IVP, 2003, 2006, 2009. (Available in Australia at Koorong Books)
Now that the third and final volume of John Goldingay’s tremendous work is now available, one can properly assess just what he has left us with. The short answer is this: it is simply a magisterial effort. It is a first class work which will be irreplaceable for many years to come.
It is simply amazing for a variety of reasons, not least of which is its massive length. The three volumes comprise over 2,500 pages (2743 pages to be exact). Bear in mind that in the decade he took to pen this, he also produced a number of other important works, including his equally impressive 3-volume commentary on the Psalms, which totals over 2200 pages! Talk about prolific.
This OT theology is simply superb. Goldingay is just utterly steeped in the Old Testament, and has done a superlative job of elucidating its themes, its theology, its vision, its grandeur, and its contents. Almost every aspect of OT studies is entered into here, and he is always up to the task.
The first volume focuses on “Israel’s Gospel”. It examines the OT narratives from creation to the first coming of Christ. The second volume deals with “Israel’s Faith”. This concentrates on the Prophets, the Wisdom writings, and the Psalms. Volume three centres on “Israel’s Life”. It examines the ethical, spiritual and worshipping life of Israel.
Goldingay is of course a Christian but he argues that we must consider the OT on its own terms. He rightly notes that “the Old Testament’s insights must be seen in light of those of the New, but only as long as we immediately add that it is just as essential to see the New Testament’s insights in light of those of the Old.”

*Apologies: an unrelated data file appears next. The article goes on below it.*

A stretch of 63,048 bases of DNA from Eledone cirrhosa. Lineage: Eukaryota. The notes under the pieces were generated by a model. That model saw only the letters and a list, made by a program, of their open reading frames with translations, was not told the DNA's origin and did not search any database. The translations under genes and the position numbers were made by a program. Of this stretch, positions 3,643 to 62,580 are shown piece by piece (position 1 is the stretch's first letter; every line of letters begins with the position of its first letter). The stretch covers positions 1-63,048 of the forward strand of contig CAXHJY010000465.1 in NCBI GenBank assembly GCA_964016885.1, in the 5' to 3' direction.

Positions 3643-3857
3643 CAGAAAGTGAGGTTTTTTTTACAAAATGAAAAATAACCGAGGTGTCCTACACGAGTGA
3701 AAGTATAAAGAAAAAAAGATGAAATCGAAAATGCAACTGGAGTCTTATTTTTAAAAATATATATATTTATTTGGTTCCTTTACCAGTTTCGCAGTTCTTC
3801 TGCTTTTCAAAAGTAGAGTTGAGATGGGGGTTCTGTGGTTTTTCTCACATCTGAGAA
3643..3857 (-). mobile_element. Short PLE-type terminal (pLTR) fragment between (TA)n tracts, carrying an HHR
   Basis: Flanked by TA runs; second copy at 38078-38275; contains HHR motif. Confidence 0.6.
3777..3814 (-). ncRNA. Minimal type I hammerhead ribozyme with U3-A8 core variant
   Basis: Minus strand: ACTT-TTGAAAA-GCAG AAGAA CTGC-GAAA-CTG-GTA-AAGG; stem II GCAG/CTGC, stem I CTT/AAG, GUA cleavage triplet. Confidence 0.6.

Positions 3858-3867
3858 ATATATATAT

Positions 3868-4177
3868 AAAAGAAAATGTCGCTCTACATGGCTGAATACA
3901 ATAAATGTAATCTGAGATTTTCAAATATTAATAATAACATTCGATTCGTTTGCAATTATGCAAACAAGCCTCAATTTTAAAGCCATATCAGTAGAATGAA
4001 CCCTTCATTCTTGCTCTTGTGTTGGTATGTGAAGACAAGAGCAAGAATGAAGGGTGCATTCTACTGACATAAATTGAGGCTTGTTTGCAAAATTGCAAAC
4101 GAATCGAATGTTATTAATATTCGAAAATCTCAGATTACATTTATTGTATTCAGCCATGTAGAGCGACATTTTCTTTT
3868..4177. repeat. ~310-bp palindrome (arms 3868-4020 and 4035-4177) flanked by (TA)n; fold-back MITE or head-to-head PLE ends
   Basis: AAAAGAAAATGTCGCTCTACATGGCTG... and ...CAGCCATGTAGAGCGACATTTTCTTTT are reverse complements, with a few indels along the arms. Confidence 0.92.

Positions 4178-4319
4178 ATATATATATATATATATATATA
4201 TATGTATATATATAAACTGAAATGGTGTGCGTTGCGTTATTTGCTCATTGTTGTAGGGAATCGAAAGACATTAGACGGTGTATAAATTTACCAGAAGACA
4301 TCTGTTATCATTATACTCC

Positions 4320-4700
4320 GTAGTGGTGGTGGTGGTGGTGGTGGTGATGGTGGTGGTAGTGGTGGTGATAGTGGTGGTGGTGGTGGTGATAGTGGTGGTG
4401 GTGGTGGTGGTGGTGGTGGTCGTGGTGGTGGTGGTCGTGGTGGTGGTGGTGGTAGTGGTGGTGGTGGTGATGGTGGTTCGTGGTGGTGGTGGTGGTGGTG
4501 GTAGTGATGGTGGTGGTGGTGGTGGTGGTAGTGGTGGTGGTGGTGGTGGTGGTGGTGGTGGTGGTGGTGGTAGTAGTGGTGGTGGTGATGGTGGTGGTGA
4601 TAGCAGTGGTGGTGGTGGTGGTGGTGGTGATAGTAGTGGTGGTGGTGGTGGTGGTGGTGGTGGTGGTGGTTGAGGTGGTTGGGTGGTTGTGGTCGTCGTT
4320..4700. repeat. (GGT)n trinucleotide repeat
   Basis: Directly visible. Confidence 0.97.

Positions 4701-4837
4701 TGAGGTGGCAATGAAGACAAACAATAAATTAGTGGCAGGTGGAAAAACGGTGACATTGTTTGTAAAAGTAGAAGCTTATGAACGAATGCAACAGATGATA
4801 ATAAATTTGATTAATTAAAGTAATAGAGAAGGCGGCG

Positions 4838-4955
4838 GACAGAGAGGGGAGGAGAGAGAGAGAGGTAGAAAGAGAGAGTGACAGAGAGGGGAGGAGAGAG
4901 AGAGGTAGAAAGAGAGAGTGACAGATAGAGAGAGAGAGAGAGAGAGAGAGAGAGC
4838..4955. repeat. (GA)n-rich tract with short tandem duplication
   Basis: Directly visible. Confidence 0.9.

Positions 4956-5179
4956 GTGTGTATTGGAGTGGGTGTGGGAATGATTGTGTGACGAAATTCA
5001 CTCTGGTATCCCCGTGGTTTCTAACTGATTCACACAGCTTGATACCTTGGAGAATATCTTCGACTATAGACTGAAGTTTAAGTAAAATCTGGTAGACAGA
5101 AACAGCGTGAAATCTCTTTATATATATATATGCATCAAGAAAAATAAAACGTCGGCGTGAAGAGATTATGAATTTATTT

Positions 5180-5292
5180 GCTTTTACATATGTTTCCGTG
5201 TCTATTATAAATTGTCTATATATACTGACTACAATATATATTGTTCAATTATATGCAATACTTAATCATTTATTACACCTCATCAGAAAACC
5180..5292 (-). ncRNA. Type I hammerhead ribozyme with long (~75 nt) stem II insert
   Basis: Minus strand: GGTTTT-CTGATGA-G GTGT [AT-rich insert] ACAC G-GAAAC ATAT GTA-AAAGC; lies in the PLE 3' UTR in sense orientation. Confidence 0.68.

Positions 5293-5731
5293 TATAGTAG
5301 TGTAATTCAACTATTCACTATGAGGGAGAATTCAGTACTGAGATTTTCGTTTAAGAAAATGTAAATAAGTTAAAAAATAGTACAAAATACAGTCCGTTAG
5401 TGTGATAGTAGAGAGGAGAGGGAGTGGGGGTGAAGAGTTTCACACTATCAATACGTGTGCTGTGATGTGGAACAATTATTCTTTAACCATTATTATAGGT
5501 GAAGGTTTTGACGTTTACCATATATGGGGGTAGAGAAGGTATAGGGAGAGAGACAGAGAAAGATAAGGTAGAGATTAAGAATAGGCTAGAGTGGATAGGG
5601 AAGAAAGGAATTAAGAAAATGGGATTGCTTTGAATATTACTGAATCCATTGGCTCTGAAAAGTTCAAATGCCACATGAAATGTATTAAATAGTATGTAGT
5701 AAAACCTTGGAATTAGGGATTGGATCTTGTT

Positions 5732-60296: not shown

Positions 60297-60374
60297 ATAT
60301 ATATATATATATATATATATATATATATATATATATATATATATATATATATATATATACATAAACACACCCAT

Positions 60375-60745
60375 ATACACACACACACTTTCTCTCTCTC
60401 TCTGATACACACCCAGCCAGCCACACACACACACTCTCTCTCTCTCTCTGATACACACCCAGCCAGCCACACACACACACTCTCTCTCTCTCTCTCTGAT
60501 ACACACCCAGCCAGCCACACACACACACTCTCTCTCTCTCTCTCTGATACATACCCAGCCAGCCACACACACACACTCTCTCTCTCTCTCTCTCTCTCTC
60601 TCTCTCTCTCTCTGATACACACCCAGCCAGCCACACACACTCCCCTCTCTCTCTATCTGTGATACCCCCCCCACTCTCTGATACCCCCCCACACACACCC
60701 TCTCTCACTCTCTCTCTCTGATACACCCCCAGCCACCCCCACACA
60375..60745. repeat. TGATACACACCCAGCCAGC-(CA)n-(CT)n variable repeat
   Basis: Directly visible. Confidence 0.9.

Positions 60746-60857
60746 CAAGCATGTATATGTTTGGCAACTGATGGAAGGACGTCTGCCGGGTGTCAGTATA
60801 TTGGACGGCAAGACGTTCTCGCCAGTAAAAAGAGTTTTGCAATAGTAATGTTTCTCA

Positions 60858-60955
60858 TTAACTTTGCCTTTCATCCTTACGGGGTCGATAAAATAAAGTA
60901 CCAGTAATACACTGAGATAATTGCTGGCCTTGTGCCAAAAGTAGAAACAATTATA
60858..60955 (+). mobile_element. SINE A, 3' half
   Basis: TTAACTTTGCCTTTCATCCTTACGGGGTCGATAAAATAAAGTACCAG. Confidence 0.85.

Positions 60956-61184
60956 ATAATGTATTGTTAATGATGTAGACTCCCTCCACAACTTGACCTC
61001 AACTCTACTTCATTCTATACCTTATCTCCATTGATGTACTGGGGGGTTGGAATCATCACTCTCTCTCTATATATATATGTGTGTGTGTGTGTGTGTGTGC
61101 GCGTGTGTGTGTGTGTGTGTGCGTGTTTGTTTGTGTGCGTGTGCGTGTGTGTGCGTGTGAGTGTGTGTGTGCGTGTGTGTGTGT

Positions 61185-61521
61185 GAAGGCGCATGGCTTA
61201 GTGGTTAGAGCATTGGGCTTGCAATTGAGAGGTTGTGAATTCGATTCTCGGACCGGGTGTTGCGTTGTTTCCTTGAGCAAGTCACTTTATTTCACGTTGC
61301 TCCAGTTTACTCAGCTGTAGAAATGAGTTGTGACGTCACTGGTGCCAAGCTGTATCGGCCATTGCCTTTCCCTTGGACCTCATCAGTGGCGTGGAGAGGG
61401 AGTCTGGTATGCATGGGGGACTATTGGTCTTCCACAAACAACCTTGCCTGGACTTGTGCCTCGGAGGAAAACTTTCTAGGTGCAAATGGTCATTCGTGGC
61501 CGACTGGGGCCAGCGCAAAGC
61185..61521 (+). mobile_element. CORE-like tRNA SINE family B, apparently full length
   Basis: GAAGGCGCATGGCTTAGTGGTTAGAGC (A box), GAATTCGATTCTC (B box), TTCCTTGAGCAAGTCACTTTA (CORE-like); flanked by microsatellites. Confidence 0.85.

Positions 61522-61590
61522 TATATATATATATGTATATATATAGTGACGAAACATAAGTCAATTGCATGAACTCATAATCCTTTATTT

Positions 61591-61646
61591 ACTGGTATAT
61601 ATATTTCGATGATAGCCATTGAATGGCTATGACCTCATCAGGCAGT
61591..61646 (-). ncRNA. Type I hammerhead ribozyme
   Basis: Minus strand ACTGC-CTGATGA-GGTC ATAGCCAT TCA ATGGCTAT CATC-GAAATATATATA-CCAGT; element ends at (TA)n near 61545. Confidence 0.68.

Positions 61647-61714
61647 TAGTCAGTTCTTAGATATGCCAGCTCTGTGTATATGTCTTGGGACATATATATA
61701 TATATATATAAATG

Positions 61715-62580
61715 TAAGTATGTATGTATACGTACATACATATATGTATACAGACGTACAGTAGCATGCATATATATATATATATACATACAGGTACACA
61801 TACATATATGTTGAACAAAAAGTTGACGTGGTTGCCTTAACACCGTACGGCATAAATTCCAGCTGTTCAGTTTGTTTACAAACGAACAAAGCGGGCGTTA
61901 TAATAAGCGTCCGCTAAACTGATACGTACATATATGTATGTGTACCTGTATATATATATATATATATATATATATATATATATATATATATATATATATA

Or as he says further on, “It is inappropriate to describe the New Testament as the ‘authoritative interpretation’ of the Old without adding that the Old Testament is the authoritative interpretation of the New.”
Indeed, he reminds us of the vital importance of the OT: “only when people have learned to take the Old Testament really seriously can they be entrusted with the story of Jesus.” We fail to properly understand the NT gospel unless we have a firm grasp of the OT.
Goldingay is more than qualified to tackle this job. He has been for many years Professor of Old Testament at Fuller Theological Seminary, and is one of the world’s leading evangelical OT scholars. He has penned numerous important works on OT topics, and this trilogy is in many ways his magnum opus, capping off a distinguished career.
Of course other helpful OT theologies written from an evangelical/conservative viewpoint have appeared over recent times. One thinks of John Sailhamer’s Introduction to Old Testament Theology (1996); Paul House’s Old Testament Theology (1998); and Bruce Waltke’s An Old Testament Theology (2007), for example.
But this is by far the most comprehensive, the most detailed and the most incisive work going. Anyone wanting to master the OT needs this superb set. Mind you, I find myself disagreeing with the author on a regular basis. For example, he is quite open to freewill theism, and thus his take on such areas as divine omniscience and impassibility will not please everyone.
But he certainly gets one thinking, and he is always careful to tentatively – and respectfully – push what might be considered controversial topics. Unlike some other OT scholars who can indeed be guilty of pushing agendas, such as Walter Brueggemann, Goldingay is always fair and judicious in his comments and discussions.
His many decades of careful scholarship and theological awareness, combined with a more than capable writing style, make this work a pleasure to read and a joy to contemplate. If you get only one Old Testament theology, get this three volume work.